• Delegate: Delegate votes from the sender to the delegatee. Users can delegate to 1 address at a time, and the number of votes added to the delegatee’s vote count is equivalent to the balance of COMP in the user’s account. Votes are delegated from the current block and onward, until the sender delegates again, or transfers their COMP.
  • Proposal Threshold: The minimum number of votes required for an account to create a proposal (currently 65,000 COMP) can be changed through governance.
  • Voting: When a governance proposal is created:
  • Enters a 2 day review period;
  • After which voting weights are recorded and voting begins;
  • Voting lasts for 3 days; if a majority, and at least 400,000 votes are cast for the proposal, it is queued in the Timelock; and
  • Implemented 2 days later (changes takes at least one week)

Market Eligibility Requirement:

  • Market’s Safety Characteristics
  • Market’s protocol has been reviewed and audited by independent auditors and/or consultants and has no known security vulnerabilities, including critical bugs, undue exposure to 51% attacks
  • Market must have sufficient liquidity across a variety of trading platforms
  • Market’s Supply and Volume Characteristics
  • Market capitalization of $100 million or above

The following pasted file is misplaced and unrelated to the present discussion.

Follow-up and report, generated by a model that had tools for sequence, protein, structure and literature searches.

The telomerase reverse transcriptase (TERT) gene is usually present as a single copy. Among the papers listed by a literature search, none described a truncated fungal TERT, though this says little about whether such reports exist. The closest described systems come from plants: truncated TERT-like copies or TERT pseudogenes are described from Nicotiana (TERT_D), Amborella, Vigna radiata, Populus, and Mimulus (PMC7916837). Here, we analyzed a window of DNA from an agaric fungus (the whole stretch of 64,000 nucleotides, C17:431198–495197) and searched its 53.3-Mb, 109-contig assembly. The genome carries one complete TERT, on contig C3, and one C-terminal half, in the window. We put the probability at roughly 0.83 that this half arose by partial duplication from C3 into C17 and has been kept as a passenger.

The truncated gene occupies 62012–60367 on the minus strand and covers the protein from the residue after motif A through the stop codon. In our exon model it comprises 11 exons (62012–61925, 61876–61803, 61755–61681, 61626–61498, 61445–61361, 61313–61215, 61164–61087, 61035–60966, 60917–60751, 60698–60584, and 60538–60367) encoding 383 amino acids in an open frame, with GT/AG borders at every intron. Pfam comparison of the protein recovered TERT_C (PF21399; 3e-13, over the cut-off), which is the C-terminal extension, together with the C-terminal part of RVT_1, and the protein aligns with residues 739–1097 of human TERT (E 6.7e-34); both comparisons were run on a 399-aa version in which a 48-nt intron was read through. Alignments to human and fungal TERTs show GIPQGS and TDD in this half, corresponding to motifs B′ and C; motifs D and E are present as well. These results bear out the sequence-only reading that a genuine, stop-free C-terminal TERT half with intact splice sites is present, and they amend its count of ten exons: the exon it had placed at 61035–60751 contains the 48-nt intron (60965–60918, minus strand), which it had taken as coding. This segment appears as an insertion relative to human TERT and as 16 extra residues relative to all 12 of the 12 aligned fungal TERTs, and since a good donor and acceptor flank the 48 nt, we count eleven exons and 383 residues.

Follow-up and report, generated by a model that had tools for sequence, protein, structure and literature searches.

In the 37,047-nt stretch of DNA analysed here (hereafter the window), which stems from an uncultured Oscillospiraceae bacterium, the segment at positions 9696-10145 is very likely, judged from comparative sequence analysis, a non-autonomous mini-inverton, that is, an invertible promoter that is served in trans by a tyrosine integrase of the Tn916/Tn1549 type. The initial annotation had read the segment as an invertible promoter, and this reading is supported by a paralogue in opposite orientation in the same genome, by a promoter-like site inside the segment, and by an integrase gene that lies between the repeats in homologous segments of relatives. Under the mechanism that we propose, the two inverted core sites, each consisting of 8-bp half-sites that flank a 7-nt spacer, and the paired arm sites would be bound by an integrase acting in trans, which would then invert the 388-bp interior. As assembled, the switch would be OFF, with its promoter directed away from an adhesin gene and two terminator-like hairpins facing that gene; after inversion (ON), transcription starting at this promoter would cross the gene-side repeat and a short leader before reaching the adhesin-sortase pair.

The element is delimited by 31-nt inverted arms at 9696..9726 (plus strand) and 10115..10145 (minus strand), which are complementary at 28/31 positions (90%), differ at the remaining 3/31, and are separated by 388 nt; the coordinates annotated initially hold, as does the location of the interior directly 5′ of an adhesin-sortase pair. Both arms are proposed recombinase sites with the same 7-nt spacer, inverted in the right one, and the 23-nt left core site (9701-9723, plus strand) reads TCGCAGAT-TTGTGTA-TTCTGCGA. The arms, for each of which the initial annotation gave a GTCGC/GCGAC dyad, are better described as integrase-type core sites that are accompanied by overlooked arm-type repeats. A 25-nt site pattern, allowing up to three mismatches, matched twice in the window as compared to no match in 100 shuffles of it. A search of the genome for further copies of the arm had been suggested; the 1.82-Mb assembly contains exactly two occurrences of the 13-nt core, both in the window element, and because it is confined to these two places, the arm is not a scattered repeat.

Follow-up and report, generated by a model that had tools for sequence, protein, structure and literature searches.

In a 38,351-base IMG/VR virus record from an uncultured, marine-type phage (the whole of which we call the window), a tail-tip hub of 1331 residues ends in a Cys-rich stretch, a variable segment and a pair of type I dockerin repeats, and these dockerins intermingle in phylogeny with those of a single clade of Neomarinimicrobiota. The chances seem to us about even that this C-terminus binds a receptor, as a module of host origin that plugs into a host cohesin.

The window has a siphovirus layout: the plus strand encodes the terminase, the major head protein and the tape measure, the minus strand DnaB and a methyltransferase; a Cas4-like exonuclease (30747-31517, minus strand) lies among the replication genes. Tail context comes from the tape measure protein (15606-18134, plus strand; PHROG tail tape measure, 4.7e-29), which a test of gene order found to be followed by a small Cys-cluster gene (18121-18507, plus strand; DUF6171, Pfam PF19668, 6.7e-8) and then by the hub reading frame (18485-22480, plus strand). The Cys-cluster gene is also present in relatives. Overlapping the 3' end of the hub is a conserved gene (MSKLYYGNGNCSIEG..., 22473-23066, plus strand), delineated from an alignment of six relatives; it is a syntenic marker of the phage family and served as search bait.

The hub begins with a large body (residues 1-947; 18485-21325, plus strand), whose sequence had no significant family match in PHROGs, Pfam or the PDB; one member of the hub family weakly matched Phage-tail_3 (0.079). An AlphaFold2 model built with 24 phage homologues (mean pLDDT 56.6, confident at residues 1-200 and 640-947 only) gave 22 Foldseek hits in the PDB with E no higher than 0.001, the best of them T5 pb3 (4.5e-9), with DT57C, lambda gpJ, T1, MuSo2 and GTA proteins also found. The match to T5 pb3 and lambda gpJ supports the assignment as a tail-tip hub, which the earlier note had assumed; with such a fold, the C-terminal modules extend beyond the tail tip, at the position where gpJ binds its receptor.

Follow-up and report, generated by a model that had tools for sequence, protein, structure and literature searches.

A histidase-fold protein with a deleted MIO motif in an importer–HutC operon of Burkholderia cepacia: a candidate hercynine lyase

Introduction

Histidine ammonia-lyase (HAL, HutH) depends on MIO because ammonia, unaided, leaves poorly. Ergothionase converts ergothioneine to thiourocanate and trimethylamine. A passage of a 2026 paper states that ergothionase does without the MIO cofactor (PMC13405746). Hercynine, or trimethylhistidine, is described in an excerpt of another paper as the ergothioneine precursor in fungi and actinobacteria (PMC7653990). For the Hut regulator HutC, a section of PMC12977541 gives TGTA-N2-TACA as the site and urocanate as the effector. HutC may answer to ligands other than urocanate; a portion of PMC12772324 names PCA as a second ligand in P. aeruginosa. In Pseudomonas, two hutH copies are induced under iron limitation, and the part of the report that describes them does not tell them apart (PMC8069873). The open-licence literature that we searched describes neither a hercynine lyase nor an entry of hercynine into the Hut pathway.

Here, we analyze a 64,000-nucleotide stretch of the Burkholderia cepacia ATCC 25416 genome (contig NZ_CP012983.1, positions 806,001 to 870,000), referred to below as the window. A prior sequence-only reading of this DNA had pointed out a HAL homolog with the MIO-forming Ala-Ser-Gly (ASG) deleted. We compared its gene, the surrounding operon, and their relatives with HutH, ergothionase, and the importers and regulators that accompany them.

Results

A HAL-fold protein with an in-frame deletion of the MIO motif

• Supply to be reasonably predicted over the next five years
  • Market’s descriptive Characteristics
  • Secured digital bearer instrument
  • Freely traded market and can be freely held for foreseeable future
  • Must not be considered a security by the corresponding authorities across different jurisdictions
  • Market Protocol is decentralized
  • Included by two or more third party custodian
  • Other
  • Market protocol must have significant usage and community

Collateral Factors for New Markets:

  • Collateral factor can range from 0-90%, and represents the proportionate increase in liquidity (borrow limit) that an account receives
  • Collateral factors can be increased (or decreased), as market conditions change
  • Starting collateral factor should be the average of the market in at least three other similar interest rate protocols
  • Borrow vs. Supply side factors?
  • What is a “conservative” market?
  • Demand is a major factor?

I’ve started a new thread to continue the conversation around asset listing here